with me, he and i shot it independently in our own homes for the most part, totally alone. like, i did my own hair and makeup and lighting and set design. that's my cat, rest in peace, he was on my lap throughout most of it. i don't know about you, alicia, but i work when i'm on zoom in pajama pants. now, i'm very nice up here, but i'm wearing sweatpants underneath. so that's a good side effect. >> yeah, it's one of the perils of coming back into the office is i have to wear real pants now. natalie, my entire teeup to this segment, which is, there's this ongoing, evolving conversation about diversity in media and hollywood in your industry. and i wonder for someone who came up as an actress, right, where it was about being the face on screen, i think we sort of have all run up against the limitations of that and how there needs to be a more expansive conversation about
who's telling the story, who's directing the story, who that is buying the story. for you, stepping into this role as a director, how has it changed or allowed you to expand that ethos of the storytelling? >> well, primarily being a director allows you to hire some people. and so i can hire people behind the camera and in front of the camera that i feel are -- have, you know, bring a broader scope of perspective to whatever it is i'm making, even if they in particular are not represented in the movie or the tv show that you're doing. it is really important to have all of these diverse voices behind the camera writing and directing and acting because people have different lives and different perspectives. and that is, like, the best part about film-making is the collaborative aspect of it and having all of these different voices come together to make the exact same thing. and you're right, there's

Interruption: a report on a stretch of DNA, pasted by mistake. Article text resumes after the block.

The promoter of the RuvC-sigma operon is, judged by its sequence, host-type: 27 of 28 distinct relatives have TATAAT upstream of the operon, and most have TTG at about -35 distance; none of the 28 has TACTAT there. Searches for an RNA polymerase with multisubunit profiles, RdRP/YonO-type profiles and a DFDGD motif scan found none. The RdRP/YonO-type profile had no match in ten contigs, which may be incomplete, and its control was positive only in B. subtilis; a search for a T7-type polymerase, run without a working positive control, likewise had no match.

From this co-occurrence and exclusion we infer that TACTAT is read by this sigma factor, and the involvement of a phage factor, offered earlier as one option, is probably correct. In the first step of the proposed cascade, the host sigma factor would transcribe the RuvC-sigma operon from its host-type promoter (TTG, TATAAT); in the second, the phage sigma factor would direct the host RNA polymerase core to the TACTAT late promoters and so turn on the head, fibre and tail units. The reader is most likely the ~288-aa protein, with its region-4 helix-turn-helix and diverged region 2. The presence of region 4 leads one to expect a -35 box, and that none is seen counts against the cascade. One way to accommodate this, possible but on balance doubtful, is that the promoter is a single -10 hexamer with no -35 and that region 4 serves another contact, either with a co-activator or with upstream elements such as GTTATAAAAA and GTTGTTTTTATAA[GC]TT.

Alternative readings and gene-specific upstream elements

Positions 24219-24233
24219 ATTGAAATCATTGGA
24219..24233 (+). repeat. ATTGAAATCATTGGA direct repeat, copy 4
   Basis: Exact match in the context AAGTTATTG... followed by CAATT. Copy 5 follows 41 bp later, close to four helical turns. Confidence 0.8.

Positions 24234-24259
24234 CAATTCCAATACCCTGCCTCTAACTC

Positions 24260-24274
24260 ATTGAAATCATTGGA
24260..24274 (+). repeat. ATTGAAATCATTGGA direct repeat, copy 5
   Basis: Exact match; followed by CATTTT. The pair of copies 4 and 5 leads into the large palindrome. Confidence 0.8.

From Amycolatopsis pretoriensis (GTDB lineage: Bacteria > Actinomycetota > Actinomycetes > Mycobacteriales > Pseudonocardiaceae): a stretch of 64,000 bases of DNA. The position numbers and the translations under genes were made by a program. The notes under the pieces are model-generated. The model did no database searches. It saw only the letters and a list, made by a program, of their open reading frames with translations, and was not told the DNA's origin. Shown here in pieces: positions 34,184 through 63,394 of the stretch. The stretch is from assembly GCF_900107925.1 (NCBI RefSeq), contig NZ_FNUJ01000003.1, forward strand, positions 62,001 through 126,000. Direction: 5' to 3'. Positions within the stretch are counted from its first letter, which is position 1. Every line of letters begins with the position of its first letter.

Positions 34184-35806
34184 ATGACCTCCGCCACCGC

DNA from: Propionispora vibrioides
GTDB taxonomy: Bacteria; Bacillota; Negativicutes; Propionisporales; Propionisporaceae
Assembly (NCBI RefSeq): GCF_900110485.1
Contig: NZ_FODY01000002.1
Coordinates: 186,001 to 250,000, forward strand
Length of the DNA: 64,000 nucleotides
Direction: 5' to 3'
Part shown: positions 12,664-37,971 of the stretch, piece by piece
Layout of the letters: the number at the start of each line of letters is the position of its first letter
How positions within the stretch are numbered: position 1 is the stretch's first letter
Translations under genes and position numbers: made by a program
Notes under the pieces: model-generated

definitely limitations with it. as an actor, i had to be like, you know what? i might not have enough money to pay rent, but i need to stop playing the best friend or the girl who roll her eyes at something. i'm not going to keep taking these jobs so that i don't pigeonhole myself, and i deserve to be able to branch out instead of always being seen as the sassy latina best friend or whatever, you know? those roles are fine and we do exit. there are sassy latina best friends just like there are maids and sexy seductress, but some of these are newscasters on msnbc and some of these are directors. >> but to your point, i have rolled my eyes at many people. natalie morales, as always, thank you so much and congratulations. be sure to watch "language lessons" out now on video on demand. i'm going to ask adam schiff about congress's next steps as
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this hour, trump's effort to keep congress from seeing records tied to the january attack on our capitol. adam schiff joins "american voices." what he believes trump doesn't want us to see. we'll dive into the congressman's new book issuing a warning about our democracy and a guide to protecting it. plus, a dead heat race for virginia governor in the final stretch. how do democrats turn out the base? steve kornacki on the counties to watch. later, the pain gap. sexism is in the world of medicine. it is deadly an author with the facts and lived experience to prove it. this is "american voices." we begin with the future of american democracy and why the threat against it today is all but new. in fact, a key sign came several years ago when this group of torch-bearing neo-nazis and white suprema